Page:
It has been difficult to witness the losses Lorna has suffered due to her injuries, physical, financial, and emotional. I believe the most significant loss is her inability to practice as a registered nurse. She had over twenty years of experience at the acute hospital.... She was an asset to the hospital, a true patient advocate, role model, and mentor. It is truly a loss to patients, as well as the community that she is no longer able to practice.
I miss the active, vibrant woman she was before the injuries. She now has days of melancholy that she must work out of....

Having reviewed Ms. McBroome's statement in its entirety, the court finds no instances where the ALJ mischaracterized the evidence, and plaintiff does not cite to any. Moreover, the excerpted portion of Ms. McBroome's statement plaintiff does cite is not inconsistent with the ALJ's summary or ultimate disability finding. While Ms. McBroome states her opinion that plaintiff is no longer able to perform her past relevant work as a nurse, that issue is a legal issue reserved to the ALJ. Further, though Ms. McBroome states that plaintiff is no longer the active and vibrant person she once was, such a person is not necessarily precluded from employment. Similarly, feelings of melancholy do not necessarily preclude work.

Plaintiff's focus on the portions of Ms. McBroome's statements which were not included in the ALJ summary misses sight of those portions of the ALJ's summary which show that plaintiff is capable of a range of light work, such as plaintiff's ability to care for her sons, care for herself, care for animals, cook, clean, shop, drive, handle money, interact with friends, and follow written and verbal instructions - all despite inactivity, lack of vibrance, and feelings of melancholy.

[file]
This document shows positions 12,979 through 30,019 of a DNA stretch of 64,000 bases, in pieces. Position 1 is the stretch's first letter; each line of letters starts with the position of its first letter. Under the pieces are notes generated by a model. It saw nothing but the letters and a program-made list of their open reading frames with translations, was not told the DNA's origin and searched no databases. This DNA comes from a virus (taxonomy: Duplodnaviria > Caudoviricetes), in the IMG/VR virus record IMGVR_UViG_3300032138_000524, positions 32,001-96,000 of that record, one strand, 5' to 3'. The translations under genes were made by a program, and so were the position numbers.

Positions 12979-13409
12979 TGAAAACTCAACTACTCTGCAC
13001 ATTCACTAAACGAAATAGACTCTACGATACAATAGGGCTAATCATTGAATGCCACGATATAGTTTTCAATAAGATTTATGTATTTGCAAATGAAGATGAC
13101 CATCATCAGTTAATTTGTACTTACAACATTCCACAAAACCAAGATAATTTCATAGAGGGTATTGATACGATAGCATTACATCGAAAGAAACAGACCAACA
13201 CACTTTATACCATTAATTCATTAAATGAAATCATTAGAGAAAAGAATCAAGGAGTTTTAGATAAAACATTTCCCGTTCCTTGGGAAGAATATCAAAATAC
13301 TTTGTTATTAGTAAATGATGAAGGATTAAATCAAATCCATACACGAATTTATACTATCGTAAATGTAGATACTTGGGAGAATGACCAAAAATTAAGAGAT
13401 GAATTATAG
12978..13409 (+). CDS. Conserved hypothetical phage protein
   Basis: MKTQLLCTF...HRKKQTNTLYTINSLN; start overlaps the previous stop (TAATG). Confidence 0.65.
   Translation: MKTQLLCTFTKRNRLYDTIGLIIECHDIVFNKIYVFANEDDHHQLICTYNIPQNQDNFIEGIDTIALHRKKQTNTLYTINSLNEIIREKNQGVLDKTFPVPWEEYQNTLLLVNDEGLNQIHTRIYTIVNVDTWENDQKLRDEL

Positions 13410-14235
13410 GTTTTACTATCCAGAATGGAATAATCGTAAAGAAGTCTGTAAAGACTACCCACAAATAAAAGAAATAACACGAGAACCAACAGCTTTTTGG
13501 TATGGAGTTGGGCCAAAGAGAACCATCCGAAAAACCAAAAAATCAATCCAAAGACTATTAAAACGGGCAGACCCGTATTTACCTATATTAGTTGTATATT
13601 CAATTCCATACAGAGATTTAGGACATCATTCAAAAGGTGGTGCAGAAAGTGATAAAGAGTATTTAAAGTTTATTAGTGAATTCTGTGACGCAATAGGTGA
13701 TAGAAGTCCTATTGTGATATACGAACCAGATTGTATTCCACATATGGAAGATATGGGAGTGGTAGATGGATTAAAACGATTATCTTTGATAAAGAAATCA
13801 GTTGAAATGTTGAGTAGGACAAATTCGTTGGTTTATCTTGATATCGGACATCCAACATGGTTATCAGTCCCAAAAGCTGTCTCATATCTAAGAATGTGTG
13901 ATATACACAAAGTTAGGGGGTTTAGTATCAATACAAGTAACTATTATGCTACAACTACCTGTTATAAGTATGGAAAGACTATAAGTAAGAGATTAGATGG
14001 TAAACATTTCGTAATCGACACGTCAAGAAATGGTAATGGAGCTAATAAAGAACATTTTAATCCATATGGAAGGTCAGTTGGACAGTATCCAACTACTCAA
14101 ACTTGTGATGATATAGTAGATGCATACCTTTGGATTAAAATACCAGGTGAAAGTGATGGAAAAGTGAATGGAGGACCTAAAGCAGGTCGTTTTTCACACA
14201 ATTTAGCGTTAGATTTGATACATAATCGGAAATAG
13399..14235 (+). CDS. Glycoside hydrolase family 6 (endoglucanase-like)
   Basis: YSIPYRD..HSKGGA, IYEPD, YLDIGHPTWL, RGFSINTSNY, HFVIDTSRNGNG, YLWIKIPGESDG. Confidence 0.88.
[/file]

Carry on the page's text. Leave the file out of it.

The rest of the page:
E. Vocational Expert Testimony

The ALJ may meet his burden under step five of the sequential analysis by propounding to a vocational expert hypothetical questions based on medical assumptions, supported by substantial evidence, that reflect all the plaintiff's limitations. See Roberts v. Shalala , 66 F.3d 179, 184 (9th Cir. 1995). Specifically, where the Medical-Vocational Guidelines are inapplicable because the plaintiff has sufficient non-exertional limitations, the ALJ is required to obtain vocational expert testimony. See Burkhart v. Bowen , 587 F.2d 1335, 1341 (9th Cir. 1988).

Hypothetical questions posed to a vocational expert must set out all the substantial, supported limitations and restrictions of the particular claimant. See Magallanes v. Bowen , 881 F.2d 747, 756 (9th Cir. 1989). If a hypothetical does not reflect all the claimant's limitations, the expert's testimony as to jobs in the national economy the claimant can perform has no evidentiary value. See DeLorme v. Sullivan , 924 F.2d 841, 850 (9th Cir. 1991). While the ALJ may pose to the expert a range of hypothetical questions based on alternate interpretations of the evidence, the hypothetical that ultimately serves as the basis for the ALJ's determination must be supported by substantial evidence in the record as a whole. See Embrey v. Bowen , 849 F.2d 418, 422-23 (9th Cir. 1988).

Building upon her previous arguments, plaintiff argues that the ALJ erred by relying on answers to hypothetical questions which did not accurately reflect the limiting effects of plaintiff's headaches. Specifically, plaintiff concludes that, had Dr. Lang's assessment been accepted, she would be considered disabled. As discussed above, however, the court finds that any error with respect to Dr. Lang's assessment of plaintiff's headaches is harmless.

IV. CONCLUSION

Based on the foregoing, the court concludes that the Commissioner's final decision is based on substantial evidence and proper legal analysis. Accordingly, IT IS HEREBY

ORDERED that:

1. Plaintiff's motion for summary judgment (Doc. 18) is denied;
2. Defendant's cross-motion for summary judgment (Doc. 20) is granted; and
3. The Clerk of the Court is directed to enter judgment and close this file.